Online fraud has a new name — and another, and another

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Net Patrol International Inc.  Data Investigation and Forensic Services
Bankruptcy and Insolvency Trustees

I get so many scam emails, I spend more time blocking and filtering fraudulent ones than reading real ones.

Dear Reader: Congratulations. You have been personally selected as a WINNER in the Gazette’s “lucky-column-reader” lottery that you probably forget that you entered. No matter. CLICK HERE, then fill in your personal details and bank card info and WIN WIN WIN!

I just got a message from the Geek Squad, a tech installation service linked to Best Buy, warning:

“Your annual subscription has been automatically renewed as per the plan you selected.  The price is $417, starting June 1.

“To cancel please contact us ASAP and provide your bank card information.”

I knew it was probably one of numerous weekly fraud messages I get trying to worm my account’s info from me so they can drain it.

But I couldn’t be sure. As it happens, the Geek Squad installed my TV last year and I thought I paid a hefty one-time fee. But the message’s sharp web page looked exactly like Best Buy’s.

Was it possible I’d accidentally taken an annual subscription, due for renewal at a shocking $417?

As usual, I checked the sender’s email address atop the message and instead of coming from, it was from a — in Russia!

That’s an odd location for a downtown Montreal store to be sending out messages to Montrealers from.

So sorry, Yelena, I won’t be cancelling my “renewal” and I’ve added your address to my huge blocked-message junk mail list — though I’m sure you’ll just change your address slightly to

Like everyone nowadays, I get so many scam emails that I spend more time blocking, filtering and unsubscribing from fraudulent ones than reading real ones.

Like many, I’ve increasingly switched to texting. But in the past two years the scamsters have learned to text too, adding to over US$10 billion in online fraud suffered in North America in 2022 alone — mostly by seniors.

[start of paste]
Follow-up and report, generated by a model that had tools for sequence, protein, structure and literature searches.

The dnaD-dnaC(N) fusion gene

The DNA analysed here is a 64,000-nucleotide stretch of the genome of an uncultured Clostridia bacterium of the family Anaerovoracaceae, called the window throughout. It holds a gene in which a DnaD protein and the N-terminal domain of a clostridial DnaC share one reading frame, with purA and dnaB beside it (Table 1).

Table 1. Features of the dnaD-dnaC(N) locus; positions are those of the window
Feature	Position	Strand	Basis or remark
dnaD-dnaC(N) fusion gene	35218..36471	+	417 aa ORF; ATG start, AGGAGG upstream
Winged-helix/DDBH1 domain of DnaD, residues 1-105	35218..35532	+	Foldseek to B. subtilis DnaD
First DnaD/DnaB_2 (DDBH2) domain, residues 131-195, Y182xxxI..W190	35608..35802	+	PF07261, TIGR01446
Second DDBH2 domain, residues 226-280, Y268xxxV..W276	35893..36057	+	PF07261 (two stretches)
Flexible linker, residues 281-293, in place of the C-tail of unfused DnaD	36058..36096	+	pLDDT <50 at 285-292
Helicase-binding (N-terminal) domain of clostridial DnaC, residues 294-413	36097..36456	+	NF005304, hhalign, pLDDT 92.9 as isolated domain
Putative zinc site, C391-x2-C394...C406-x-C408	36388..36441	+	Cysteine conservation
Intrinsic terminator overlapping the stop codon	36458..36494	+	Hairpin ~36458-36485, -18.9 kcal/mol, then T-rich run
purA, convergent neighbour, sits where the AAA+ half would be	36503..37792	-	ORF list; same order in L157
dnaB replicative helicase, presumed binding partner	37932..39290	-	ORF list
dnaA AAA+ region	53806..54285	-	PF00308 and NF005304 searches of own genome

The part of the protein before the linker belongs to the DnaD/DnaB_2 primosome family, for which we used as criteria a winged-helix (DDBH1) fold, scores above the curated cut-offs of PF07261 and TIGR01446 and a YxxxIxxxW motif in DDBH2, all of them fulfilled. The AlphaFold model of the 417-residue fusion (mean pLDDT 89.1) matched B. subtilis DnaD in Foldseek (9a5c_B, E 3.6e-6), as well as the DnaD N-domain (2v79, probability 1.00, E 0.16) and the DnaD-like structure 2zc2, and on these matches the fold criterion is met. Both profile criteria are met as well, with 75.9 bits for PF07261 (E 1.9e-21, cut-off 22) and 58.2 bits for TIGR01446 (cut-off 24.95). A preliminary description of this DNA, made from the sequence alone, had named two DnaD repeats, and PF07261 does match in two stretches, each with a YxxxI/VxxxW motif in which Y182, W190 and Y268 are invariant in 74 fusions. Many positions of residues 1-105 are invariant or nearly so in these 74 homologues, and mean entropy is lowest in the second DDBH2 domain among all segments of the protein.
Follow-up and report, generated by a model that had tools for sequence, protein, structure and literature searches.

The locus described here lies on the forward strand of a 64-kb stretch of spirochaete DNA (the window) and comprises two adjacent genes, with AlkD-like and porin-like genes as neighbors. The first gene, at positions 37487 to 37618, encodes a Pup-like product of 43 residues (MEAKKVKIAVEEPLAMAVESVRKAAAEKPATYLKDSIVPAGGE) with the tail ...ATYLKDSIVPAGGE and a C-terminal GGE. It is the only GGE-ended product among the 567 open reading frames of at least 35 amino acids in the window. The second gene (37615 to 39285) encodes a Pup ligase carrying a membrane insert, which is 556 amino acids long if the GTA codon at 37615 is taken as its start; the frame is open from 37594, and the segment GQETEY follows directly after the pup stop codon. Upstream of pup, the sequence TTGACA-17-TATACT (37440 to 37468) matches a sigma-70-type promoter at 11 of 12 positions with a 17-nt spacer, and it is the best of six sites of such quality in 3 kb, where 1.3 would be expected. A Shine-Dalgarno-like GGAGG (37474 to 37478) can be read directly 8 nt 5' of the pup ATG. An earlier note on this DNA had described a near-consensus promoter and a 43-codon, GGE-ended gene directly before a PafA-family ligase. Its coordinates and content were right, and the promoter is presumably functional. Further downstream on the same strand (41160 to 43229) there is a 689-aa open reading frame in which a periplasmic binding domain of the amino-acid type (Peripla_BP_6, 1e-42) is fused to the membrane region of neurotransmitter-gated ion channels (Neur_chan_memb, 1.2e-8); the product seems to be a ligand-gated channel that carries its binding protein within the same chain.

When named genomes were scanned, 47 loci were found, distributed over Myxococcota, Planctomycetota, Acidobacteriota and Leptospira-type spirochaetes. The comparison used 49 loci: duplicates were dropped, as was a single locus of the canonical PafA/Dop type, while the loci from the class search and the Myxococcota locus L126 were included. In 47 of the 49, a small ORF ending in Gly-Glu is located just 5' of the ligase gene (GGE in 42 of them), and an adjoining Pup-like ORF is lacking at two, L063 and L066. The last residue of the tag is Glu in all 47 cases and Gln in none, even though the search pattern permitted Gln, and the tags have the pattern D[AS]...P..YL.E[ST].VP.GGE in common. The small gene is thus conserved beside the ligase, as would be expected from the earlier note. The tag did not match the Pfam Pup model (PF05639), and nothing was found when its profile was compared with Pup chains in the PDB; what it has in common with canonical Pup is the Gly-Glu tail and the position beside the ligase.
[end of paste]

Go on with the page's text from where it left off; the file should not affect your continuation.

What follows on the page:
My own text inbox is getting overloaded with fraud messages, too. There are fake bank warnings that my credit card’s been cancelled and my iCloud storage is full; huge national lottery winnings from countries I’ve never visited; long-lost relatives I don’t know offering me billion-dollar “gift opportunities.”

There are messages from fake phone companies, fake cable providers and fraudulent Canada Revenue Agency tax inspectors threatening to jail me for fraud

Also phoney messages from the “Quebec government,” offering to direct deposit a $500 tax credit Premier Legault is giving out.

Fortunately, most scam messages are easy to spot from their grammar, like this recent text from “Rogers”:

“Dear custmer 514-82X-XXXX, unfortunately you ere oercharged on your last bill. Pease say y and follow the procedure o collect your creditt.”

I was tempted to answer: “Dear scammer, I would consider collecting my ‘credit’ if you could spell the word (or if I actually used Rogers). But please accept my invitation to take a SPECIAL fraud email SPELLING SEMINAR I’m offering that’s YOURS for only $2!

“Simply enter your credit card info below and improve your scamming skills NOW!!”

If it’s bad now, wait until artificial intelligence technology like ChatGPT gets into the game, likely soon. These AI bots will probably be able to create personally tailored false web page scams for everyone — then send them out in seconds, inundating eight billion inboxes in 195 countries and 200 languages.

It may not be long before you can’t trust a message from your own spouse. We may have to get ChatGPT-style anti-scam security bots to scan our emails and spot messages from robo-scammers.

It’s already tricky to know what’s real and what’s not. In recent months, I’ve been inundated by so many texts and emails from parcel delivery companies like UPS, Canada Post, Express Delivery and the “Canada postal service,” you’d think I ran a shipping company.

Many are messages saying my package has been held up because I owe about $2 in postage — which I can simply “pay online with any card.”

I trash them all to “junk” and add their addresses to my blocked mail filters. But recently my son called from Toronto to say he’d neglected to mention a package was coming in my name — a present for my wife’s birthday. Why hadn’t it arrived?

I scrolled through my most recently junked messages and one said simply: “After several attempts to reach you by email, your package has been returned to the company in the U.S. and your order permanently cancelled.”

There are so many fakes out there, it’s hard to tell the real thing.

For all you know, I could be FakeJosh who’s hacked the Gazette, so when you send me a message, I’ll put your name on a vast Russian “lottery winner” list and send you endless messages about how to “deposit” your winnings.

What can we do apart from carefully checking incoming email addresses, refining our junk message blockers and trusting no one offering anything online we didn’t ask for?

I think I’ve found a personal solution: I’ve decided to start forwarding all my dubious messages to Yelena in Russia. Her address is

You’re welcome to use it too.

This article was originally sourced from